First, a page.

ERA implementing measures to control emissions, safeguard flora and fauna

Rebecca Anastasi - 29th August 2019 

Dr Louise Spiteri, ERA CEO, said that the new regulations will, firstly, require operators of medium combustion plants – whether new or already in existence - to obtain a permit from the entity.

The Environment and Resources Authority (ERA) has announced that it is implementing concrete measures which will control harmful emissions into the air from medium combustion plants and safeguard new species of flora and fauna to protect specific areas of the Maltese environment.

In comments given to The Malta Business Observer, a spokesperson for the Authority stated this drive was part of the entity’s remit to implement international and EU legal instruments and ensure adherence to regulation in order to provide “assurance that the environment is being safeguarded and protected”.

To this end, the ERA’s Chief Executive Officer, Dr Louise Spiteri said that the new regulations will, firstly, require operators of medium combustion plants – whether new or already in existence - to obtain a permit from the entity. The permit will set the emission limit values of particular compounds passed into the atmosphere as the plant burns fuel to generate energy, to accord with current legislation.

The amount of sulphur dioxide (SO2), nitrogen oxides (NOX) and dust generated from medium combustion plants is limited by the Laws of Malta and must be line with the requirements stipulated in SL 549.122, The Limitation of Emissions of Certain Pollutants into the air from Medium Combustion Plants Regulations, 2018.


Lophelia pertusa / Photo by LifeBahar

“The permit will set certain emission limit values for the production of NOX, SO2 and dust, which must be monitored by the operator. These vary according to whether the plant is classified as existing or new, the rated thermal input of the plant and the type of fuel used. Operators of plants will also be required to monitor carbon monoxide, to keep track of such emissions and to provide the necessary information to ERA in order to ensure compliance with the legislation,” Dr Spiteri said.

New plants will need to obtain the necessary permit from the ERA prior to commencing operations. For those which are already up and running, the permitting process must be completed by a set deadline: those with a rated thermal input greater than 5MWth must obtain a permit by 1st January 2024, at the latest, and those with a rated thermal input of less than, or equal to, 5MWth must obtain a permit by 1st January 2029 at the latest.

In order to apply for a permit for a medium combustion plant, operators must pay the applicable fees to ERA, the spokesperson specified. Applications for permits are processed by the Permitting Unit within the Environment Resources Directorate and then presented to the ERA Board. The permits are granted for a definite time period, following which the operator will be required to apply for a renewal of the permit with the Authority within stipulated time frames.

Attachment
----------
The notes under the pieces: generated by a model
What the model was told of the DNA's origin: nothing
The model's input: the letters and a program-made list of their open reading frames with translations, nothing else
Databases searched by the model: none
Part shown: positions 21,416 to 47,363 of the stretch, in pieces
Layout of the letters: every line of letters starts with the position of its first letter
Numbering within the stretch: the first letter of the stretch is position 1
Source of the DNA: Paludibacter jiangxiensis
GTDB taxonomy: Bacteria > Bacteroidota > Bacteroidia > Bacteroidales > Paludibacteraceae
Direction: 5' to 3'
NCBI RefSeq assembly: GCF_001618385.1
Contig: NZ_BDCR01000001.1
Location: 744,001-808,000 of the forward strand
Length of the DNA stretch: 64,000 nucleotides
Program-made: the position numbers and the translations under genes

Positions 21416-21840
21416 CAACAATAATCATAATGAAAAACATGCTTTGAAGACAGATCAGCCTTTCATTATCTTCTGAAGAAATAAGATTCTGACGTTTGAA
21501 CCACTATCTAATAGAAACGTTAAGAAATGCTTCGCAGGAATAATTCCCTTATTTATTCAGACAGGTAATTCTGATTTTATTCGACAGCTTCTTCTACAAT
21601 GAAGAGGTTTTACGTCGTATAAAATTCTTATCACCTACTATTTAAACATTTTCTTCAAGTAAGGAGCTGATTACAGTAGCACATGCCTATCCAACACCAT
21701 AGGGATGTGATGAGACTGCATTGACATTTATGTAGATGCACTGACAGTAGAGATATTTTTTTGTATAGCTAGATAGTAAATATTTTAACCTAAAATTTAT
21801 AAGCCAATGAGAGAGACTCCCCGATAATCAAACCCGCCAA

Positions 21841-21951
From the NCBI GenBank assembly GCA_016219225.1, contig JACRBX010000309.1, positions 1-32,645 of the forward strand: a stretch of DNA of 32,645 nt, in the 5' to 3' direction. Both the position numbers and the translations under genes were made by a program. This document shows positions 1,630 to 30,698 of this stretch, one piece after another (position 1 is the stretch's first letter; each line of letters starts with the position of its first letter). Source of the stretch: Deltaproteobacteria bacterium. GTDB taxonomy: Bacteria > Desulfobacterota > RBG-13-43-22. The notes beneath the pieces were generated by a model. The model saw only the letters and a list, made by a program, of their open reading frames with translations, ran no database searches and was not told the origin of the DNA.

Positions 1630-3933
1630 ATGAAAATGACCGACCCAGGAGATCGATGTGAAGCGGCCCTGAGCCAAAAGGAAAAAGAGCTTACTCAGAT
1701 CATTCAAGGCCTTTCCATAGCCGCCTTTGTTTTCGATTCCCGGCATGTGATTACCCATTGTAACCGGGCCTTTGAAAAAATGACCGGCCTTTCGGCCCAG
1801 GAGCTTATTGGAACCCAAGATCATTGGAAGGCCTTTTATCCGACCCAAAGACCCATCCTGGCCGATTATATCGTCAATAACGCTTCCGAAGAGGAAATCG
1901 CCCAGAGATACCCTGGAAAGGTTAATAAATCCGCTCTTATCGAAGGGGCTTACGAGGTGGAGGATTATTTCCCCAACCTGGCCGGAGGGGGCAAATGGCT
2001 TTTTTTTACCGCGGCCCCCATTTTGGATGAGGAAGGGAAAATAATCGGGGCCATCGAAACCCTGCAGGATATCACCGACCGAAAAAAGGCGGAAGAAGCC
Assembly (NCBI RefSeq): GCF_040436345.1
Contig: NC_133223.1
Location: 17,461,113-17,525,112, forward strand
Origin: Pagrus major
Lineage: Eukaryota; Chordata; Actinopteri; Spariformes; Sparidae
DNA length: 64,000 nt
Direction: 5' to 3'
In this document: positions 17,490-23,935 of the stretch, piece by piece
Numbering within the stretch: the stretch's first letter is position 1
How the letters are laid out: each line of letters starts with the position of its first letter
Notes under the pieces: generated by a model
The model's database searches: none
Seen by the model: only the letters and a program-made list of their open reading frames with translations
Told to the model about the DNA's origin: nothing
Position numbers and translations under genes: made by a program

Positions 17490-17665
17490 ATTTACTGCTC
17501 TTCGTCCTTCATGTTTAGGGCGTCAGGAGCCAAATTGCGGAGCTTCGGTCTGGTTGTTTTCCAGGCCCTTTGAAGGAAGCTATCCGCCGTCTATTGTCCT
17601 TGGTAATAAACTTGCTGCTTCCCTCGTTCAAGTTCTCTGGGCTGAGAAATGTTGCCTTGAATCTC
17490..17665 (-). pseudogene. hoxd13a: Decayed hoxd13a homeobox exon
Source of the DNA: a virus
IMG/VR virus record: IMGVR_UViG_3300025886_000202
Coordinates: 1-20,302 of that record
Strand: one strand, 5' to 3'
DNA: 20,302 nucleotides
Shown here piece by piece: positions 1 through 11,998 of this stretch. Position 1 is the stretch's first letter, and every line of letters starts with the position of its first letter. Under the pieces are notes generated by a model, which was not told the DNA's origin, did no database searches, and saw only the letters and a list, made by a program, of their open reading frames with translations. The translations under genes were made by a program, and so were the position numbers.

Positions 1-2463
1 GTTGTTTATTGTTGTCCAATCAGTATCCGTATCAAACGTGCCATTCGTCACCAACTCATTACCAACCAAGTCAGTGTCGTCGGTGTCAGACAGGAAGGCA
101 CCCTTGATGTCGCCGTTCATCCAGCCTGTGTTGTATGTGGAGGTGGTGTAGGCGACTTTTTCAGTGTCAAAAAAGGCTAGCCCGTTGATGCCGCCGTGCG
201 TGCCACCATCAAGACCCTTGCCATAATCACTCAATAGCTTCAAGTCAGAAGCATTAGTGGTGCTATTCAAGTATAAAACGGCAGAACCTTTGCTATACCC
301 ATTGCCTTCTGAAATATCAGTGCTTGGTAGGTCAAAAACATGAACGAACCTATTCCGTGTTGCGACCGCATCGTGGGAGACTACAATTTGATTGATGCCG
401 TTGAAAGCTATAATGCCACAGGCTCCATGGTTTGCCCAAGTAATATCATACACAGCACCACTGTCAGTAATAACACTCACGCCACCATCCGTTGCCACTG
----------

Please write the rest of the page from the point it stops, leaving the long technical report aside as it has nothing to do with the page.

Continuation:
Dr Spiteri emphasised that ERA will ensure compliance with the medium combustion plants regulations and will carry out any necessary inspections as well as monitor the permitted installations. “Collaboration between ERA and all those concerned is imperative in order to obtain the ultimate desired result: reduced emissions to the air and the mitigation of potential risks to human health and the environment,” the Authority’s CEO said.


Papilio machaon / Photo by ERA

The Authority has also started the process to implement legislation - designed in conjunction with the Ministry for the Environment, Sustainable Development and Climate Change - to increase the protection of certain species of flora and fauna. The new regulations will allow the ERA to issue a protection notice on a particular species should its conservation status be deteriorating. The notice will specify any conditions deemed necessary to protect the flora or fauna, laying out any prohibitions on activities which may cause damage or loss, and instituting fines for crimes committed within protected sites.

Perit Michelle Piccinino, Director for the Environment and Resources Unit within the ERA, also explained that the new regulations give ERA further means with which to remove and control invasive alien species. “This law also gives more protection to specific sites and allows for more flexibility in the designation of protected areas. Under the new regulations, a site may be proposed for protection based on ecological, geological and natural features it offers,” she asserted.

To this end, certain species of orchid, butterflies, coral, sharks and others will now be added to the list of protected plants and animals. “These plants and animals have been given protection status as a result of further scientific research resulting in an increase in knowledge which lends towards cementing their conservation status,” Perit Piccinino said. Among these species is a new endemic plant, the Gozo Spider Orchid, which is only to be found in Gozo. “This orchid was recently discovered along with and a number of endangered butterflies, corals of international importance found in Maltese waters,” she concluded.

This article initially appeared on the August edition of The Malta Business Observer. 

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